Flicking through all the Christmas food brochures which appear on my door mat around this time of year, I notice very few beers amongst the wine, bubbly and ubiquitous cream liqueurs on offer. In many of the supplements, beer is almost an afterthought, a back page filler, featuring ‘pile it high, sell it cheap’ crates of mainstream lagers.
Yet at every beer tasting and training session I’ve done for the past few weeks, the most frequently asked question has been: what beer should I have with my Christmas dinner?
So I thought I would share a few of my favourite festive foodie beers to drink over the holiday period with you.
As usual, a disclaimer here…some of these beers are not cask, they’re not ale, but they’re still BEER!
If you’re having turkey (or goose) for your main course on Christmas Day, choose a beer which is juicy and fruity (think how well cranberry sauce complements turkey). Titanic Plum Porter is my number one choice, closely followed by Bacchus Kriek, a gorgeous mouth puckering cherry beer.
If fruit beers aren’t to your taste, bring out the big guns with a strong, raisiny Belgian Dubbel, such as Westmalle Dubbel.
Pork or gammon is best with sweeter beers to cut through the salt. I recommend Wells Youngs Special London Ale with its caramel sweetness or Ringwood Old Thumper which has a wonderful hint of apple.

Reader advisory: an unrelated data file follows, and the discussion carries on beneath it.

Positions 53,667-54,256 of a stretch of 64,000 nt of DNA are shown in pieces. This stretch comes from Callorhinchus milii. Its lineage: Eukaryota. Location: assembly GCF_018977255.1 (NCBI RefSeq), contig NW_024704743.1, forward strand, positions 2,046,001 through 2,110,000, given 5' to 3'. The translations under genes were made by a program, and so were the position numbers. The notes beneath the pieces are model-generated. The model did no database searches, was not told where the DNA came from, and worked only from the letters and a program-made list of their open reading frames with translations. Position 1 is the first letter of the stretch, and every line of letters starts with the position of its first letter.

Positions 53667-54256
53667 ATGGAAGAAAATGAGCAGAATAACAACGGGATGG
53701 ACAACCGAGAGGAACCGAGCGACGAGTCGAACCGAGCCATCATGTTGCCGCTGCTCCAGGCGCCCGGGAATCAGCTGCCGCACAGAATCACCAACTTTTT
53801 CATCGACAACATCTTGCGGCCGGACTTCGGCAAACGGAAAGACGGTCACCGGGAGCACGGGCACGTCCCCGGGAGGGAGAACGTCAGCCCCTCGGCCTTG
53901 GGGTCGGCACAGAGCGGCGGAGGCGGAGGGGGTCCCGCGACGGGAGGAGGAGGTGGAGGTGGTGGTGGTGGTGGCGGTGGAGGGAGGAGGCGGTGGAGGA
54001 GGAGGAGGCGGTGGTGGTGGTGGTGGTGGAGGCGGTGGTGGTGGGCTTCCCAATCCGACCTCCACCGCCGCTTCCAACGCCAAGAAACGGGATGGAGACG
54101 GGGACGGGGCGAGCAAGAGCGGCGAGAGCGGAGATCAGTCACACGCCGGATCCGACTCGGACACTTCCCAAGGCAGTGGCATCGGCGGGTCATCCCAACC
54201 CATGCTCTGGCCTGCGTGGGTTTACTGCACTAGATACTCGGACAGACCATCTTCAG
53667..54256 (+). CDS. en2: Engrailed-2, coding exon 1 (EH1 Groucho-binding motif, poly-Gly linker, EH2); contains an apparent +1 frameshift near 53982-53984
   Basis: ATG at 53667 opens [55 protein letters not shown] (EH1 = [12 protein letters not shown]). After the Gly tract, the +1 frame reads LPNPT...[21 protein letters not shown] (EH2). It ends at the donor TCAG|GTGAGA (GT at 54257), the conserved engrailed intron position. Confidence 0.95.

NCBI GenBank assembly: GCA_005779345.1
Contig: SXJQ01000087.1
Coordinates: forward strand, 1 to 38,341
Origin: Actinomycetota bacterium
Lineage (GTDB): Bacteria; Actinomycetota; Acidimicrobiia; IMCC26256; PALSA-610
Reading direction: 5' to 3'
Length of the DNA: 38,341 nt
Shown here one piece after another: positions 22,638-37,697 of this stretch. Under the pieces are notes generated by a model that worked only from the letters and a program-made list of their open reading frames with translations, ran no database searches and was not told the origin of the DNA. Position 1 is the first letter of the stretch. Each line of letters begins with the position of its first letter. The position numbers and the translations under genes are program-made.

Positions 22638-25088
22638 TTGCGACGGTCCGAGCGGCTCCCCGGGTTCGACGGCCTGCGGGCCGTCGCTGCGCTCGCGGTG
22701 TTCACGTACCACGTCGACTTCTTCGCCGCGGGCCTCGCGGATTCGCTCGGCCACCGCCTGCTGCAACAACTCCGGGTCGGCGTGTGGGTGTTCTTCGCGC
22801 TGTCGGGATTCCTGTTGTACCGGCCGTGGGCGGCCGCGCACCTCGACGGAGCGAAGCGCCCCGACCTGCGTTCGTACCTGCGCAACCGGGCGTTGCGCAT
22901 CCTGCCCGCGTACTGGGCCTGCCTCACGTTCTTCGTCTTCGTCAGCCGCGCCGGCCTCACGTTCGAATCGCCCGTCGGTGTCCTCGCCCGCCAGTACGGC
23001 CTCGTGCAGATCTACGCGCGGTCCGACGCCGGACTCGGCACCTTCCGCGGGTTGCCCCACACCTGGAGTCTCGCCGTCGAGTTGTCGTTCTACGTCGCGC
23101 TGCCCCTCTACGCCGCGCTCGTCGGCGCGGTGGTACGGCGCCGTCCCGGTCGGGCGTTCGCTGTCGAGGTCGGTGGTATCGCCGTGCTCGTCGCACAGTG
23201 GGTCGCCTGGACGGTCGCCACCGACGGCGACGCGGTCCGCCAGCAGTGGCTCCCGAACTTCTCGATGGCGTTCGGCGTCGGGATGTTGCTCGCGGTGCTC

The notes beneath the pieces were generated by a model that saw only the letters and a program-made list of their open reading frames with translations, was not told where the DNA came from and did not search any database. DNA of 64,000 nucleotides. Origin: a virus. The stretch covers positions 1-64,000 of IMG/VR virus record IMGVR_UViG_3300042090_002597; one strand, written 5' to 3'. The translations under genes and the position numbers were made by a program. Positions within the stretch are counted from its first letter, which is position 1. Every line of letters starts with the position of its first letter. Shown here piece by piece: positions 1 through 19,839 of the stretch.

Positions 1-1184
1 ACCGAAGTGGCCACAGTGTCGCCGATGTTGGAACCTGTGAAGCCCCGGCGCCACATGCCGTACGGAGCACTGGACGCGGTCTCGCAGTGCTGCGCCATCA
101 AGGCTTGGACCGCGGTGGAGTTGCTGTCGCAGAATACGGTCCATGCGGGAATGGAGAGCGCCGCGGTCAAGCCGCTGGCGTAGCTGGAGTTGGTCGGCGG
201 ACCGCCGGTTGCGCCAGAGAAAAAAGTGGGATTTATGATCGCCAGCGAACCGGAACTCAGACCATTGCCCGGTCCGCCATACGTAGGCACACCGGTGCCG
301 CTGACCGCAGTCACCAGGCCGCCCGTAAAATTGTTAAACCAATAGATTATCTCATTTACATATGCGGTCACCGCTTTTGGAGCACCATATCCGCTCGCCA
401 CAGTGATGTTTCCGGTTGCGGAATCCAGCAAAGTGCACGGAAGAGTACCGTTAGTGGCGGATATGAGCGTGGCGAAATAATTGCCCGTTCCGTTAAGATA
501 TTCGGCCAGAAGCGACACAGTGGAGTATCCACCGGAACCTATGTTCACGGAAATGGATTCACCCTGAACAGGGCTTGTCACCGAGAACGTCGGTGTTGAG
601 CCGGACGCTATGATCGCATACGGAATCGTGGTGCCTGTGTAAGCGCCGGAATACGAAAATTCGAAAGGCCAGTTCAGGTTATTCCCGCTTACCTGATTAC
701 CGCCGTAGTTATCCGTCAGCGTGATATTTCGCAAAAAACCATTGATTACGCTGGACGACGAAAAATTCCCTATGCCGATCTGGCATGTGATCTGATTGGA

Venison and pheasant need assertive beers which stand up to strong flavours: Adnam’s Broadside is a fabulous beer which enhances the gaminess of pheasant, (the bottled version is a lot stronger than the cask version so beware!). Venison is brilliant with chocolate-y porters and a favourite of mine is Fuller’s London Porter. This beer will also pair perfectly with Stilton cheese at the end of your meal.
Meat free options, such as nut roast or mushrooms need an earthy, herbal beer, and I’ve never found a beer to beat Orval, a Trappist beer, with most vegetarian dishes. It’s stunningly dry but with a fruity centre, and it enhances nutty flavours.
If fish is your centrepiece on Christmas Day, I would pick a light, dry sparkling beer and this is where wheat beers come into their own. Erdinger Weisse Bier has a sharp carbonation and a citrus edge which slices through poached or grilled salmon. It beats a glass of Prosecco hands down.
So onto Christmas pudding. Love it or hate it, it’s part of tradition, so I go with a classic British ale. Theakston’s Old Peculier is a strong dark ale with hints of dark fruit, chocolate and liquorice, or how about a glass of Robinson’s Old Tom, a beer which has been described as “Christmas pudding in a glass”.
A final word on serving beer at the dinner table: get your best glasses out! Serve beer in wine goblets, champagne flutes, and chalice glasses, make it as special as any fine wine.